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Riemann's legacy

"Among a number of wonderful ideas we owe Riemann, the idea of Riemann surface is, without doubt, the most beautiful, everlasting, intensively developing, unifying and fertilizing a number of other ideas, penetrating the whole body of mathematics, and, in turn, many branches of physics."
K. Maurin. The Riemann Legacy, Kluwer, 1997

Main idea of Riemann surfaces:

Given a function [Graphics:../Images/TalkGD99_gr_1.gif] of a complex variable [Graphics:../Images/TalkGD99_gr_2.gif], make [Graphics:../Images/TalkGD99_gr_3.gif] single valued by using various copies of [Graphics:../Images/TalkGD99_gr_4.gif] (or parts of it in case of functions with natural boundaries of analyticity) and glue these copies properly together.

Older visualizations

old sketches and plaster models

Why visualize Riemann surfaces today?

It's intrumental for teaching.

"We see every day how difficult it is for the newcomer to grasp the idea of a Riemann surface and how he owns the whole theory once he has understood this fundamental concept."
("Wir sehen noch täglich, wie hart es dem Neuling ankommt, das Wesen der Riemannschen Fläche zu begreifen, und wie er auf einmal die ganze Theorie besitzt, wenn er die fundamentale Vorstellungsweise erfasst hat.")
F. Klein Jahresber. DMV 1895

"The Riemann surface is a very valuable, very suggestive thing to materialize and visualize the multi--valuedness of functions."
("Die Riemannsche Fläche [ist ein] sehr wertvolles, sehr suggestives Mittel zur Vergegenwärtigung und Veranschaulichung der Vieldeutigkeit von Funktionen.")
H. Weyl. Die Idee der Riemannschen Fläche, Teubner 1913

It's a popular subject.

  • Field theories on Riemann surfaces
  • Altavista search for "Riemann Surface*" --> > 3000 matches

Computer algebra meets analytic functions.

  • All analytic functions are based on Taylor--, Laurent--, and Puisseux series
  • Puisseux series have fractional powers or logarithms
         --> branch cuts of all functions follow uniquely from branch cuts of Log and Power

Example: [Graphics:../Images/TalkGD99_gr_5.gif]                  textbook branch cut: [Graphics:../Images/TalkGD99_gr_6.gif]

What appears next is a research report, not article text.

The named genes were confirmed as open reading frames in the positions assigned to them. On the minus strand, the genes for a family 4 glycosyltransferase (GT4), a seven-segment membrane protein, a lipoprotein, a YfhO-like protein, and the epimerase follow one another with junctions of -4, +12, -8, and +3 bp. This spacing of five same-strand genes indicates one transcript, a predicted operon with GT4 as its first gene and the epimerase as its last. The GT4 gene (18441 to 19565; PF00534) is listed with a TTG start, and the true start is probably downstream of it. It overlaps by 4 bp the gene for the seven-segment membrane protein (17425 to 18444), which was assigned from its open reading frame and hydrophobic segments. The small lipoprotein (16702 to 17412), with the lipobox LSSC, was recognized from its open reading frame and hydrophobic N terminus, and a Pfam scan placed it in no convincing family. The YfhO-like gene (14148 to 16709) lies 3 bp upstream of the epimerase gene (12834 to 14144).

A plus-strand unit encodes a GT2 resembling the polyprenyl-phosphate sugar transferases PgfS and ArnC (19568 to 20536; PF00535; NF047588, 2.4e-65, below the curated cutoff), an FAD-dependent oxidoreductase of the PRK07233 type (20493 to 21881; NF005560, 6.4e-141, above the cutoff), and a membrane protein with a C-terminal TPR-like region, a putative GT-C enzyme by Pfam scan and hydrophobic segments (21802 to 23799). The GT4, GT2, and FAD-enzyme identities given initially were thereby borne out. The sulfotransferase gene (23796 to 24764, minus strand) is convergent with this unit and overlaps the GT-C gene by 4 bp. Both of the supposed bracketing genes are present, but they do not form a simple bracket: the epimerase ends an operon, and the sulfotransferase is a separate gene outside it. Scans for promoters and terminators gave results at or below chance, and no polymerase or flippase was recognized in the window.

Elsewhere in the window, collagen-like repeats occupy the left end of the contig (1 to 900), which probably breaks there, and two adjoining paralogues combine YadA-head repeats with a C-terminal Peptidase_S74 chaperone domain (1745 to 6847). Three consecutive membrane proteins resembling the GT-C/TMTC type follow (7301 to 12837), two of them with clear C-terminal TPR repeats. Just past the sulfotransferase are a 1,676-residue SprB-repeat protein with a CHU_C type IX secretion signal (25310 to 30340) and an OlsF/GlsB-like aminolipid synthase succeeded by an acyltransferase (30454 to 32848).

goal          :   Riemann surfaces for all special functions
this talk   :   compositions of elementary functions

Poster Photograph

Interactive 3D graphics and contour integral representations of special functions.

The beta function B[Graphics:../Images/TalkGD99_gr_9.gif] can be represented by the following integral


Here C is a contour which encloses the point [Graphics:../Images/TalkGD99_gr_11.gif] and [Graphics:../Images/TalkGD99_gr_12.gif] in a way which is topologically equivalent to the following:


An example showing this path on a Riemann surface:


A simple example: [Graphics:../Images/TalkGD99_gr_15.gif]

Find a parametrization.



Choose the imaginary part of [Graphics:../Images/TalkGD99_gr_18.gif]as a representation of the Riemann surface.
Rewriting [Graphics:../Images/TalkGD99_gr_19.gif] in polar form as [Graphics:../Images/TalkGD99_gr_20.gif] --> parametric representation [Graphics:../Images/TalkGD99_gr_21.gif]:



A more complicated example: [Graphics:../Images/TalkGD99_gr_24.gif] (or [Graphics:../Images/TalkGD99_gr_25.gif])

Find all branch cuts.



Using ContourPlot one can see the branch cuts nicely--they form clusters of contour lines.







Further pictures with simple branch cuts

One more example (accidentally easily doable): [Graphics:../Images/TalkGD99_gr_34.gif]

Use natural parametrization.




The inverse trigonometric functions


A hopeless example: [Graphics:../Images/TalkGD99_gr_41.gif]



Introduction | Construction Method | Implementation | Outlook |